Friday, 1 February 2013

J'adore ....c'est la chandeleur!

Tomorrow, the 2nd February is La Chandeleur...traditionally a religous ceremony to mark the end of winter, and in the past, people would walk to church carrying huge candles.  Nowadays La Chandeleur means crepes, delicious, thin sweet or savoury pancakes, but some families do carry on the old traditions.
A euro is gripped in the hand you hold the pan handle with and then you toss the crepe.  If you don't drop the euro or the crepe you will enjoy a prosperous year.
The first tossed crepe should be placed on top of an armoire (wardrobe or dresser) and left there for the whole year.  This is said to ensure that the family don't go hungry throughout the year.  More like the mice don't go hungry! .
In the Morvan, a poor rural area, children used to collect eggs for a crapiaud, a thicker type of crepe, more like an omelette,  made with lots of eggs and maybe an onion and a little bacon.  It made a hearty lunch.
Here's a great, authentic crepe recipe below courtesy of Chocolate & Zucchini an amazing blog written by fabulous foodie Clotilde Dusoulier, a 33-year-old Parisian woman who lives in Montmartre.

- 250 grams (2 cups) flour
- 1/4 teaspoon fine sea salt
- 50 grams (1/4 cup) sugar
- 3 eggs, lightly beaten
- 240 ml (1 cup) milk
- 240 ml (1 cup) purified water
- 2 teaspoons pure vanilla extract
- 2 tablespoons vegetable oil
- 2 tablespoons rum (optional)
- vegetable oil for cooking

Pour the flour in a large mixing bowl, and form a well in the center. Add the salt, sugar, vanilla, and eggs into the well. Whisk gently in the center so the eggs will blend with part - not all - of the flour. Pour in the milk and water slowly, whisking as you pour. Keep whisking until all the flour is incorporated; the batter will be thin. Add the oil and the rum, if using, and whisk again. Cover the bowl with plastic wrap, and refrigerate for 2 hours, preferably overnight.
Remove the batter from the fridge and whisk it again. Set a thick-bottomed, low-rimmed skillet over high heat. Wait until it is very hot, enough to make a drop of water sizzle. Spray the pan with good-quality vegetable oil, or dip a folded paper towel in a ramekin that contains a little vegetable oil, and wipe it over the pan to grease it lightly (watch your fingers).
Ladle a little batter in the pan, just enough to cover the pan thinly, and swish the pan around in a slow circular motion so the batter forms a round disk. Cook for 40 seconds, or until the edges start to turn golden and pull slightly away from the sides. Run the tip of a hard spatula around the crêpe to loosen, peek underneath, and flip the crêpe when you see that it is nice and golden. Cook for 20 more seconds on the other side, or until golden as well, and slip out of the pan onto a plate. (Note that the first crêpe of the batch is usually a dud.) Grease the skillet again every two or three crêpes.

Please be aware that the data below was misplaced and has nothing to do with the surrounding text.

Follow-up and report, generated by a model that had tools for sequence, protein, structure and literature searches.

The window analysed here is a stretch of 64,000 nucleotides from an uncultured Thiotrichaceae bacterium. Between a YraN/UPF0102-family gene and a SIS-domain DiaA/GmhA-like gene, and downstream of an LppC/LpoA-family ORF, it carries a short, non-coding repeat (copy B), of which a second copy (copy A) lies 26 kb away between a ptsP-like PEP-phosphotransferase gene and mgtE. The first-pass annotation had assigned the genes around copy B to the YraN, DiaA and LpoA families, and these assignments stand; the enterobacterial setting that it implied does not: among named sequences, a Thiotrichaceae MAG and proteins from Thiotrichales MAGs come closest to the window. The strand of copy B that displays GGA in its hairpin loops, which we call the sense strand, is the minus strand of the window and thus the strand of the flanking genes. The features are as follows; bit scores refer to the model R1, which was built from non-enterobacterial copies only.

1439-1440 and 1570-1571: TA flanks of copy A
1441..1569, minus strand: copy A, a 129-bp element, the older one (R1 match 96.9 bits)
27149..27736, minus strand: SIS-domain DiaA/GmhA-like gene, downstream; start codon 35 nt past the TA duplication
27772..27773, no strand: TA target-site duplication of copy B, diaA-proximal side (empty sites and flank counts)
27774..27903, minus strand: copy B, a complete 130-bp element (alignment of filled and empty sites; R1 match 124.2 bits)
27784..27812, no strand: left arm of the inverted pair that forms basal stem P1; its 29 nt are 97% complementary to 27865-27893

Serve the crêpes from the skillet as you make them, or pile them on a heatproof plate set over a saucepan of simmering water, covering the crêpes with foil until ready to serve. The batter and crêpes will keep for 2 to 3 days in the fridge, tightly covered.

(This recipe can be used for savory crêpes also -- just hold the sugar, vanilla and rum.)


  1. Thanks for the shout-out, and a belated but happy Chandeleur!

  2. Thank you for dropping by...great to hear from you. Is it cold in Paris? Le Morvan is a winter wonderland today.

  3. I can't think you enough for this recipe! I have been looking for a great crepe recipe for years. Living in the US means everyone has a recipe, but its never quite right. This was perfect! So impressed. My husbanf and I traveled a lot before our four kids. We never wanted to be the parents in Italy or France feeding their kids mcdoos. So today I was happy when my kids were sick and requesting crepes with creme fraice. I knew I was doing something right. And this recipe is our new standard!

  4. Glad I could help! Hope your kids are feeling better now. Perhaps I think I should share some more recipes!!